Monster Mash Blogathon: Plan 9 From Outer Space

Plan 9 from Outer Space poster

My excitement over being the first to pick Plan 9 From Outer Space for the Monster Mash Blogathon was quickly replaced with apprehension as I realized positively everything to be said about Plan 9 has already been said. To combat this disadvantage, I decided to approach P9 as movie that needed improvement and I, winner of the Best Director Oscar five years running, would grab that challenge by the ears. [1]   It’ll be fun, I said. Loadsa laughs, I said.

Let me tell you, my friends, the shocking truth: Plan 9 is unbearably overstuffed with errors. Correcting it is impossible. I was ill prepared for the sheer magnitude of ineptness contained within the frames of Plan 9 From Outer Space. That may sound ridiculously naive, but P9 has always been a film I felt had a few genuinely enjoyable and good moments. However, when you’re making lists — two, in fact, one called GOOD and the other BAD — you don’t have to watch many scenes in Plan 9 to realize the BAD column is going to overflow, spill out onto the carpet and cause a permanent stain. Not an obvious one, but the kind that leaves a lingering dark shadow on the floor. The neighbors won’t notice, but you’ll know it’s there. You’ll always know.

When Mr. Wood wrote the screenplay for Plan 9 From Outer Space, he clearly didn’t realize he had the plots for at least two movies, perhaps three, swirling about on the pages. He mashed science fiction with zombie horror and crime drama, but did not create a multi-layered work; rather, he created a mass of incomprehensibility punctuated by moments of stunning insanity.

Criswell in Plan 9 From Outer Space

My friends, can your hearts stand the shocking facts about how bad Plan 9 From Outer Space really is?

If I were in a position to fix this film, truth be told, I would retain a lot of it as is. I’d keep the basic story. The idea of aliens who come to earth and conquer humanity by raising the dead to fight the living is pretty damn good. Plus, there are two best things about Plan 9: Tor and Maila Nurmi.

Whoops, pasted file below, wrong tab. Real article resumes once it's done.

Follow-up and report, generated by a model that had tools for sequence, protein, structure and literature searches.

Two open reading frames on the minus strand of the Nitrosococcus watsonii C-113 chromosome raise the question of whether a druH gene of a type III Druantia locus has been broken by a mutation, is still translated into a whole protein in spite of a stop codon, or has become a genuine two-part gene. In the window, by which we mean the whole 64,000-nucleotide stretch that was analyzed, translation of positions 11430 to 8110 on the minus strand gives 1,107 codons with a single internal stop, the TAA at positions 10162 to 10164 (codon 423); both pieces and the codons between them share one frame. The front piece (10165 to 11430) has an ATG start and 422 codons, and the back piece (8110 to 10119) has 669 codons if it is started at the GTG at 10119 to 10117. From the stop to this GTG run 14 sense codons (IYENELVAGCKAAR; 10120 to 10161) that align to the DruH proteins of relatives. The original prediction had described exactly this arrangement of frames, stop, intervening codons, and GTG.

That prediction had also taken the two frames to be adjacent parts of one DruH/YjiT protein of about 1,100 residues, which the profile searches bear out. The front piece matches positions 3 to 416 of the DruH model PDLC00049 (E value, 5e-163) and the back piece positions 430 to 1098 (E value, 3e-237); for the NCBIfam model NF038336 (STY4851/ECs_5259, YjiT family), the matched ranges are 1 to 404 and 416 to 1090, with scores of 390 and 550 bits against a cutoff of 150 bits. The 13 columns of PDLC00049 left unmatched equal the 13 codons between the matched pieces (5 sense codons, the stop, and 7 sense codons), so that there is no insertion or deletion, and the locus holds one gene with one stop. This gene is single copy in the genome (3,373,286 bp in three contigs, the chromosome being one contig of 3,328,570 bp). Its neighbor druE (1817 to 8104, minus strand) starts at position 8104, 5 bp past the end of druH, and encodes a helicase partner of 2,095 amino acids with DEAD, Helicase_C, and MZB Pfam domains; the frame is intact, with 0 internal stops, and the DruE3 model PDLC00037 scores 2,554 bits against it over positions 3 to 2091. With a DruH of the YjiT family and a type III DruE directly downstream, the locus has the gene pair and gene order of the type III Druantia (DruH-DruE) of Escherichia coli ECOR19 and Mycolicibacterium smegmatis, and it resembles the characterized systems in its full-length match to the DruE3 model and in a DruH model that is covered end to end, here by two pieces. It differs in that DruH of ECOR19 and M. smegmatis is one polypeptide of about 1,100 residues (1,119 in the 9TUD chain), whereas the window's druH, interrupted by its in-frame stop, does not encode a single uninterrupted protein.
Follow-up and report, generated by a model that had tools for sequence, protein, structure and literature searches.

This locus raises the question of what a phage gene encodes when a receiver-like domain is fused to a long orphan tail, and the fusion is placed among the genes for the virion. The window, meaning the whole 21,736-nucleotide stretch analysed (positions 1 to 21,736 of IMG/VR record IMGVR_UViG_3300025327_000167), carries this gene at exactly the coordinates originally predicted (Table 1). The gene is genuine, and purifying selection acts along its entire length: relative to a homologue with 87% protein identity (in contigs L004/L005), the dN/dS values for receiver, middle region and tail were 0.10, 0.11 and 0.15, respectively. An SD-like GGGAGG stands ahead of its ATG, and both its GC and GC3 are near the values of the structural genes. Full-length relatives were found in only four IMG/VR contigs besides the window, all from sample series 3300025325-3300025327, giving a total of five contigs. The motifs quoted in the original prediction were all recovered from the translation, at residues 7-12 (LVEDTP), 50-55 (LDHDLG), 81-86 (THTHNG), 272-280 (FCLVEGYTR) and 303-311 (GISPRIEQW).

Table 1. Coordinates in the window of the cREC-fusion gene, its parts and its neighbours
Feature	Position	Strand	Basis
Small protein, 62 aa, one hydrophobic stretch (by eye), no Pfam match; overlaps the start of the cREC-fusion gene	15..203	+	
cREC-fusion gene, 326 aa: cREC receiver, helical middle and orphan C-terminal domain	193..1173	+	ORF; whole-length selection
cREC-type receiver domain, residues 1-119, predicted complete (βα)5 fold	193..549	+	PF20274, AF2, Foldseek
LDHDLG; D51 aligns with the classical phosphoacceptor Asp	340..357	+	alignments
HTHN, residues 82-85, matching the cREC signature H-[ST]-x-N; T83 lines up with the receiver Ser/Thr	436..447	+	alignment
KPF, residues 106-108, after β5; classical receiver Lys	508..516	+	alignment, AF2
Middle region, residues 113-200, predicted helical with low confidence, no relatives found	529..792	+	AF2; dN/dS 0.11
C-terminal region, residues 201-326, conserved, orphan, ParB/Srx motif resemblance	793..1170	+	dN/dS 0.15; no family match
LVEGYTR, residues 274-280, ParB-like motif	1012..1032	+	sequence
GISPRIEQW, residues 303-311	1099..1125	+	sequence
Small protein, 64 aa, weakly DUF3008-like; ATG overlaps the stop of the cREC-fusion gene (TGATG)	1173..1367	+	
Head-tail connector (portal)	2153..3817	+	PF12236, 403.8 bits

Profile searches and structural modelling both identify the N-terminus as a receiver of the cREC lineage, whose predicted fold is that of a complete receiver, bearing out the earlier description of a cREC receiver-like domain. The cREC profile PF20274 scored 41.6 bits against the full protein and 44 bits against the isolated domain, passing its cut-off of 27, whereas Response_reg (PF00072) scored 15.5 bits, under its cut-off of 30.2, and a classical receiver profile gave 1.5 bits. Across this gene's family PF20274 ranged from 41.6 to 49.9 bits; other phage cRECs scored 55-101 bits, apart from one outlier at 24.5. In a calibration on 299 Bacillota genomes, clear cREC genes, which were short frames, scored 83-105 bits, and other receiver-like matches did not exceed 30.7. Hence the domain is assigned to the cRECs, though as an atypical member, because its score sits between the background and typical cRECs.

Maila Nurmi in Plan 9 From Outer Space
Their look is absolutely terrific, and when they’re lurching about the set constructed out of a used black curtain and a couple of vertical tree branches stolen from the city park, you don’t notice the rotten scenery.

Tor in Plan 9 From Outer Space

Also, keep Bela. I know, I know, it’s tacky to use outtakes of a dead actor to make it appear he is now one of the walking dead. Tackiness aside, I do think it could work. First, edit the outtakes better so they are more coherent (more on that in a moment). Then, after Bela’s character is resurrected by the aliens, use a double in ghoulish makeup instead of the bizarre face-covering shtick Ed chose to go with. It doesn’t have to cost a lot. Drive down to the local Duckwall’s and pick up a couple of packages of kiddie Halloween makeup, ask Maila for a few tips, and you’re done.

While you’re already at the downtown Duckwall’s, pick up some cheap black fabric, a set of pinking shears, and a staple gun. Tack up some of that black fabric in the background behind doors so your poor stewardess doesn’t have to keep the shower curtain closed to prevent revealing the unfinished stage behind her. Oh, and replace that shower curtain with a fabric curtain. I know, the space-age polymers in 1950s shower curtains were a sight to behold, but they have no place in an airplane cockpit. I, winner of seven Best Director Academy Awards in a row, will not budge on this detail. [2]

Gregory Walcott in Plan 9 From Outer Space

Also, Ed? Have someone else read your script. I know you pounded out the porn (no pun) at a fantastic rate, but this is a movie script and requires a touch more finesse than “He slammed his rod into her hoohah and they both liked it a lot so they did it again.” [3]   Hire some enthusiastic film newbie for a fiver a week to weed out unnecessary repetition and nonsensical sentences. Give them an extra 50 cents and send them out to buy a thesaurus at a used book store.

Understand that Ed’s approach to writing may frustrate me, but it does not surprise me. The man knew time was money. So I understand his methods, but I do not approve, because it is clear that 15 minutes here and 30 minutes there could have improved the film by an order of magnitude. The script is one of those 30 minute deals.